With regard to E.C.'s health problems, Dr. Voskanian opined that E.C.'s condition will not affect his risk to reoffend because he lacks insight, remorse, and empathy. Ultimately, Dr. Voskanian diagnosed E.C. with paraphilia not otherwise specified, post-substance dependence, and a "severe degree" of antisocial personality disorder, which translates into E.C. having a high risk of reoffense if not confined.

The State also called Dr. Debra Roquet, a psychologist, who examined E.C. on November 29, 2011. She testified that E.C. related in the interview that "he sees women as weak and as vulnerable, easy to target. And he said that . . . the sexual assaults helped him to release tension and he also mentioned wanting his victims to feel his pain." In acknowledging that E.C. was not yet ready for a conditional discharge from the STU, she stated:

The primary recommendations for [E.C.], number one, is to shift the balance so that he focuses more on himself, that his engagement in treatment is really that he maintains the same level of engagement, but that the quality shifts so that he is doing what he needs to do as far as taking floors and that he takes floors that are focused on the things that are recommended for him to focus on are the -- speaking just to give a summary of the recommendations are on the paraphiliac arousal, current relationship history and difficulty with females exploitative tendencies and so on. Continued work, of course, on the substance abuse and being able to identify antisocial behaviors and attitudes in the present, being honest, open, forthcoming and self-disclosing so that he can recognize these characteristics because they are not likely to have changed or have gone away. Every indication is that these characteristics persist and they are present.

Following the State's witnesses, E.C. testified on his own behalf. He stated that although as a "young kid" he made many "mistakes," his old age and poor health works as an impediment to engaging in criminality. E.C. noted that he currently has a girlfriend, who he met during his commitment at Greystone Park Psychiatric Hospital. E.C. also admitted that his girlfriend was formerly a head nurse at Greystone, and that he escaped from that facility soon after he was committed in 2000. He maintained that he would be able to live with his girlfriend if released from the STU.

When asked about his feelings towards the sexually motivated crimes he committed, E.C. testified, "I feel very embarrassed at what I was doing at that time in my life. I feel very regretful for what I put people through at that time in my life. And every time that I'm faced with it it's very embarrassing." He also stated, "All my hostility and everything that was going against me in life I took it out on [the victims] and they didn't deserve that, they didn't deserve that at all." E.C. claimed that he understands the gravity of his offenses and that through therapy he has learned not to "create any more victims and certainly never to use [his] penis as a weapon."

E.C. also called Dr. Daniel Greenfield, a psychiatrist, to testify on his behalf. Dr. Greenfield testified that E.C. was suffering from paraphilia not otherwise specified, in institutional remission, as well as polysubstance dependence, in institutional remission. However, Dr. Greenfield recommended that E.C., who is currently in Phase III of his treatment, be advanced to Phase IV, which would give him a "boost, hope, reinforcement, which is something that is desirable" because a discharge plan should be slated on the horizon for E.C. He stated that E.C. should be allowed furloughs because he has excelled in his treatment, making him "less than highly likely to commit and offense in the foreseeable future." However, when asked whether "discharge is possible today under any circumstances[,]" Dr. Greenfield answered unequivocally in the negative.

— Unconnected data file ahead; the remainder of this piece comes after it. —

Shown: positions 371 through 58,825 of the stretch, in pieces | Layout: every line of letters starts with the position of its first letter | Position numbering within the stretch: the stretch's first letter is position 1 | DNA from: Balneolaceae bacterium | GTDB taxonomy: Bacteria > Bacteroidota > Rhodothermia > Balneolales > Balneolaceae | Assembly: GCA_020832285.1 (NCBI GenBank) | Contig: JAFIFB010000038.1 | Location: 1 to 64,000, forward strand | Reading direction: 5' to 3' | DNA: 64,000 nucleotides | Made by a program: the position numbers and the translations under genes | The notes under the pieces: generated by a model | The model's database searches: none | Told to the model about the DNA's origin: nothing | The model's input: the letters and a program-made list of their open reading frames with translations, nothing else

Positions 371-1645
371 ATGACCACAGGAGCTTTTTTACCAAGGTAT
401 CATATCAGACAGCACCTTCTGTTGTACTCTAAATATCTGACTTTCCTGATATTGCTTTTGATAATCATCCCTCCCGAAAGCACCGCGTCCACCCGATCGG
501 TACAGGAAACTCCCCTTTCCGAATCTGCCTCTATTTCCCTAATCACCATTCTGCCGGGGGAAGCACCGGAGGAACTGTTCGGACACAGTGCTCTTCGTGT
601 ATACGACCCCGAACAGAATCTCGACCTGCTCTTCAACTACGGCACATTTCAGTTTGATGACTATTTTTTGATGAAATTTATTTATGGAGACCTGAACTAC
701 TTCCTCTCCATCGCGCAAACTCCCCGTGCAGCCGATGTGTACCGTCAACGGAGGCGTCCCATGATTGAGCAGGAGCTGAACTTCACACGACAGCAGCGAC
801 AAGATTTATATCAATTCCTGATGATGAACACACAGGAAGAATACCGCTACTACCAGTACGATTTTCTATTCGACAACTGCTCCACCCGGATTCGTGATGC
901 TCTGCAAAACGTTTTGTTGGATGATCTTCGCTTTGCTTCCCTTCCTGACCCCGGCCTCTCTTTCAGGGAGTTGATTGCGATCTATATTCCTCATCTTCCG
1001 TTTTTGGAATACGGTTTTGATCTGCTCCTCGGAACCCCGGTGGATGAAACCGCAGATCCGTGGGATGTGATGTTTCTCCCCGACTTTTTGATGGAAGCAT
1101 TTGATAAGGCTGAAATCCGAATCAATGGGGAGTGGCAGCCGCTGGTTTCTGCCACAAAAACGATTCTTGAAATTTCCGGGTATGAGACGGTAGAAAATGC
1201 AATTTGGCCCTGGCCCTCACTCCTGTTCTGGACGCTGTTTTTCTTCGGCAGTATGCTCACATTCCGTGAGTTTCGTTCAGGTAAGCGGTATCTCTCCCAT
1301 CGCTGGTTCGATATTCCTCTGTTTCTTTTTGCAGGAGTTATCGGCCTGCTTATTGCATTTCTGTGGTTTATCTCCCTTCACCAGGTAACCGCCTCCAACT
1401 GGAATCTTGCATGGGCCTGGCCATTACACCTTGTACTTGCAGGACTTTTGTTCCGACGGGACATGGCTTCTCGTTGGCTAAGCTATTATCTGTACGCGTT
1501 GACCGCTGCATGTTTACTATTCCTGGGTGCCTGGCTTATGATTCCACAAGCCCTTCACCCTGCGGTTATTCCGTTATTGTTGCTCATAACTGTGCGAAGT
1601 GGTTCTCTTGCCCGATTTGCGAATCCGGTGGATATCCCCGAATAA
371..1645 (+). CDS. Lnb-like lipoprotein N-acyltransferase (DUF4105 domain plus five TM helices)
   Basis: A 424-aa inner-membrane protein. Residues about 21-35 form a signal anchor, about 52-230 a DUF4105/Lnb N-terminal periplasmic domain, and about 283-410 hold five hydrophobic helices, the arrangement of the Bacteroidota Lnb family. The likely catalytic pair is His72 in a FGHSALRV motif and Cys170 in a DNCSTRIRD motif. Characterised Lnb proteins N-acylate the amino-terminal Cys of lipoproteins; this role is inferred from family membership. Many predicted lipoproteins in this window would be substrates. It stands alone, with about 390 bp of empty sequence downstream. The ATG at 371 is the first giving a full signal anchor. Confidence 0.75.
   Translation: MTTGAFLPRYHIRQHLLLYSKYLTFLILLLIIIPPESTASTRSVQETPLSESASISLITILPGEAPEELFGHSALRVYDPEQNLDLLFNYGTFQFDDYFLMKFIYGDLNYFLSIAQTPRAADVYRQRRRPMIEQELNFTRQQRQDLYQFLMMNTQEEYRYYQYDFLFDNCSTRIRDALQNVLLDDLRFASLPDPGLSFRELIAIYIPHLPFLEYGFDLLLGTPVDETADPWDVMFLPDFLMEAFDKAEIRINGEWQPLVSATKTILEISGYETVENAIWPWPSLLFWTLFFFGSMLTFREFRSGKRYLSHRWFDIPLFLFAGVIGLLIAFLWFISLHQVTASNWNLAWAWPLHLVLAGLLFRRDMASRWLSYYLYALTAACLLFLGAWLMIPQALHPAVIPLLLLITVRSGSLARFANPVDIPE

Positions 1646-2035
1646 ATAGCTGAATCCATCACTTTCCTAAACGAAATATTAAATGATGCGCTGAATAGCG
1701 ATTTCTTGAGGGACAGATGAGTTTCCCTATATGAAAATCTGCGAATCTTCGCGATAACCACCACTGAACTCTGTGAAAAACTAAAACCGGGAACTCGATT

After hearing the witnesses' testimony and arguments of counsel, Judge Pursel rendered an oral decision. In his decision, the judge noted that he was "not particularly impressed with E.C.'s testimony" because E.C. systematically denied the details of the long history of violent sexual offenses against women[,] disagreeing in minute detail with the official versions of those occurrences[,] denying that he ever planned any of these offenses except for the one and feels . . . oppressed because the one issue that continually comes up in these reevaluations i[s] the sexual assault upon the wife of a former officer at one of his treatment facilities.

The judge ultimately concluded the following:

I don't think that there's any difference in [E.C.'s] ability to deal with himself in the outside world today then there was last year or the years before or in 2010 [] when he was admitted to this facility.

It is my opinion that he has been convicted of sexually violent offenses, which are clear from the evidence submitted here and at all prior court hearings, that he suffers from a mental abnormality or personality disorder. That without confinement for care or treatment he's highly likely to commit another sexual offense and he would engage in further acts of sexual violence if not confined to a secure facility for control care and treatment.

I make those findings by clear and convincing evidence.

Because our standard of review is narrow, we defer to the judge's findings when they are supported by evidence in the record, and we "give utmost deference to the commitment finding and reverse only for a clear abuse of discretion." In re Civil Commitment of A.E.F., 377 N.J. Super. 473, 493 (App. Div.), certif. denied, 185 N.J. 393 (2005). Here, the judge found by clear and convincing evidence that the State proved E.C. poses a high risk of reoffense if not confined to the STU because he continues to suffer from his personality disorders and has not made sufficient strides in his treatment since his previous annual review.

We find no abuse of discretion in the judge's conclusion, or any error in his affording the State's witnesses' credibility in their examination of E.C. Accordingly, we affirm substantially for the reasons set forth by Judge Pursel in his oral decision of January 10, 2012.